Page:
Many divorced parents wonder what they should do when their child doesn’t want to visit the other parent.  Should they encourage their child to go on the visitation or let him or her decide?  That depends on the child’s age–teens are old enough to make their own decisions, but younger children are not.  Before you decide on a strategy, it’s a good idea to find out why your child is resistant to going on the visit.  Ask your child why he or she doesn’t want to visit their daddy or mommy, assess whether your child seems anxious or sad, and ask yourself if you have realistic or neurotic concerns about your child’s safety.

What to Do

Unless there is a serious problem at the other home, you should encourage your child to visit the other parent. If you are seen as obstructing visitation, that can lead to litigation and the loss of parenting rights.  If after encouraging your child to go and he or she is still resistant, think about your child’s age and why he or she doesn’t want to visit the other parent.  With young children, their reasons are not usually helpful, but with older children, they can usually let you know if there is a problem at the other home.  Also, talk to your ex-spouse and try to find a solution that works for both of you.  Sometimes, your child may need professional help to adjust to living in two different homes.  At other times, a simple change in the visitation schedule will help.  

Encourage Your Children to Visit the Other Parent

As a custodial parent, it’s your responsibility to encourage young children to go on their scheduled visitations.  Children need a good-relations with both parents for healthy development.  If children see their parents working together and supporting visitations, they will be more likely to go willingly.  On the other hand, if children see their parents fighting, they will be reluctant to visit the other parent.  Explain that it’s the child’s job to see both parents and it’s not fair for daddy or mommy not to have time with them.  Don’t allow a young child to decide whether to visit–insist that’s an adult job.  

Don’t Disobey a Court Order

A custodial parent can get in serious trouble if he or she discourages a child from visiting the other parent.  If you are seen to intentionally interfere with the other parent’s rights to see his or her child, you may be held in contempt of court.  As a custodial parent, you are responsible for your children’s actions, and if they refuse to visit the other parent, that can cause trouble for you.  By the time your children are teenagers, the courts will give you some leeway.  The truth is, most teens would rather be with their friends than with either parent.  With younger children, however, it’s important to encourage them to go on visitations with the other parent.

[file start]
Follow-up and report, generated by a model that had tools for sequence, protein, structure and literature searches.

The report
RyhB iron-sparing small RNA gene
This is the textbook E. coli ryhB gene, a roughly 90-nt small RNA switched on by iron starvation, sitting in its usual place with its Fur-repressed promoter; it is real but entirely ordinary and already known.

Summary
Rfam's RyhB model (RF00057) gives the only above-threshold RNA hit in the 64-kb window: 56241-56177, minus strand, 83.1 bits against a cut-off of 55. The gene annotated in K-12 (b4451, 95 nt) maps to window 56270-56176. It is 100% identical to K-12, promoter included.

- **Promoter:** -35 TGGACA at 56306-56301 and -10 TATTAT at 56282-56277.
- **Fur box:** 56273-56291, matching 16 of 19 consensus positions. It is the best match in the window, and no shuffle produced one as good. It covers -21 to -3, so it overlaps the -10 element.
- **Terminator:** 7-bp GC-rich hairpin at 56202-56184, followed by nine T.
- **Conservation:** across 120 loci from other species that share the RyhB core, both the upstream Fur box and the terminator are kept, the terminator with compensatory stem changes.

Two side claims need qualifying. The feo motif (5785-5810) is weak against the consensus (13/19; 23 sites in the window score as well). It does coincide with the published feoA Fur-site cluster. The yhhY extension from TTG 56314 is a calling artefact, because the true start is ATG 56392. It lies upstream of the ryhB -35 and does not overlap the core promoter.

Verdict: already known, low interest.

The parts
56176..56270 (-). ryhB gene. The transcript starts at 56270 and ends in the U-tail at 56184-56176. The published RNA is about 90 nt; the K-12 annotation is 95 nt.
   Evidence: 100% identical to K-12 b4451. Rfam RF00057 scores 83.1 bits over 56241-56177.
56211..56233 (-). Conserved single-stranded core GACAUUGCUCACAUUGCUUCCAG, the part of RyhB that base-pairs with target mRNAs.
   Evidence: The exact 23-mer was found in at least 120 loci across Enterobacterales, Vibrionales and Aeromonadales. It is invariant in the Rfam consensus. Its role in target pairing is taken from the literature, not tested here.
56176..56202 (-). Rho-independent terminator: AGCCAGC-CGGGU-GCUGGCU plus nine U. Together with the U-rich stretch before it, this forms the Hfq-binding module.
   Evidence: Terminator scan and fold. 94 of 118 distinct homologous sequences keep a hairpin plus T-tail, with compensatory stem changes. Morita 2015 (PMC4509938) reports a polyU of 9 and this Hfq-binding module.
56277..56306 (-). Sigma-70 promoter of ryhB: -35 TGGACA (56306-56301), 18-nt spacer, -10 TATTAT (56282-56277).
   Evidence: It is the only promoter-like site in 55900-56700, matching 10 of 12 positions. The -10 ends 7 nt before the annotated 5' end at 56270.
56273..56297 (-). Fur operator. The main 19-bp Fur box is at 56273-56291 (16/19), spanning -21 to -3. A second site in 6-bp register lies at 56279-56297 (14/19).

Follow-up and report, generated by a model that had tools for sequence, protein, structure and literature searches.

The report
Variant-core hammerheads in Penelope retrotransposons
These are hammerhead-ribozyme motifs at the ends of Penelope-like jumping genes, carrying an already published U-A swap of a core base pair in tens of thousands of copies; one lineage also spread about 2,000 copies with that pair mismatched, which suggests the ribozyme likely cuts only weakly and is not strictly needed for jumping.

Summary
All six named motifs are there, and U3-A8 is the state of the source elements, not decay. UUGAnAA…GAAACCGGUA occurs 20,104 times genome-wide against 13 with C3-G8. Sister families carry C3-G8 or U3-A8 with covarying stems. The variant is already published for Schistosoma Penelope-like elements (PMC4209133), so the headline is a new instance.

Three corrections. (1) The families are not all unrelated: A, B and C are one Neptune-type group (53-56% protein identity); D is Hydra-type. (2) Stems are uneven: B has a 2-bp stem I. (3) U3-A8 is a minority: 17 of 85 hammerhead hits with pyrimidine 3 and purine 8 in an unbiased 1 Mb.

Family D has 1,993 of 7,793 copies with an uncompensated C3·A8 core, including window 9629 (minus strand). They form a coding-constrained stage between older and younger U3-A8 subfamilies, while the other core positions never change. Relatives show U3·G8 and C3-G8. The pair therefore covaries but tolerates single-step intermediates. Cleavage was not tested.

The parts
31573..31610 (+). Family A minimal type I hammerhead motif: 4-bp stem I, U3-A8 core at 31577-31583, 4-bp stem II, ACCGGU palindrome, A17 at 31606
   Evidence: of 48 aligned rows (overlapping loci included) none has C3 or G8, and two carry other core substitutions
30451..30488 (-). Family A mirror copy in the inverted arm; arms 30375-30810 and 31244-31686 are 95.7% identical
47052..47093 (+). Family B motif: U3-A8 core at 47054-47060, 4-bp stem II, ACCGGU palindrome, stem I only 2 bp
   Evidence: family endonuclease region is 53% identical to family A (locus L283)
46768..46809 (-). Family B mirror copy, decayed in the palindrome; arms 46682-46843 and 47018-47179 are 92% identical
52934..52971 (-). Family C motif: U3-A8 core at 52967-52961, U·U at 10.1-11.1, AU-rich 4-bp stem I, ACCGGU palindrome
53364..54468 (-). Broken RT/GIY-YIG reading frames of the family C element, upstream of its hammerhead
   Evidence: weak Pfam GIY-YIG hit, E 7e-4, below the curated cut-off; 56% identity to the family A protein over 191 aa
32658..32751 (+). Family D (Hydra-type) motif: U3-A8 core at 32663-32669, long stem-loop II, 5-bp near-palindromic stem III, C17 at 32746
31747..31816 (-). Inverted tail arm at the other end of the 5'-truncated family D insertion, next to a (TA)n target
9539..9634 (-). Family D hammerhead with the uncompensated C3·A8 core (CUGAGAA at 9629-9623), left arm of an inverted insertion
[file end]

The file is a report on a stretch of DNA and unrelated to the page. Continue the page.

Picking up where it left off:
Best Interest of the Child 

The court will consider whether it’s in the child’s best interest to continue visitations.  Because it’s public policy to encourage a relationship with both parents, the courts will generally decide that the child should continue visiting the other parent.  The best interest standard evaluates the stability of both home environments, the mental and physical health of the parents, the wishes of older children, the children’s adjustment, and religious and cultural needs.  Courts will often limit visitation if one home is chaotic, a parent displays signs of mental illness, the reluctant child is a teenager, and the parent’s disagree about religious and cultural upbringing.  

When a young child doesn’t want to visit the other parent, that can create conflict, an awkward situation, and potentially put parents in legal difficulty.  Usually, the custodial parent will assume the other parent has done something to make the child uncomfortable and the other parent will assume the custodial parent is discouraging the child from visiting.  Before things get out of hand, try to find out why your child doesn’t want to visit the other parent.  If there is a serious problem, bring it to the attention of the court.  If your child is not feeling well, explain that to the other parent, and schedule a later visit.  Listen to your children, respect their feelings, but don’t reinforce your child’s anxiety–rather, encourage your child to see their mommy or daddy.  And, talk with your ex-spouse and try to work out a solution jointly.  Working together in a collaborative way is always helpful.      

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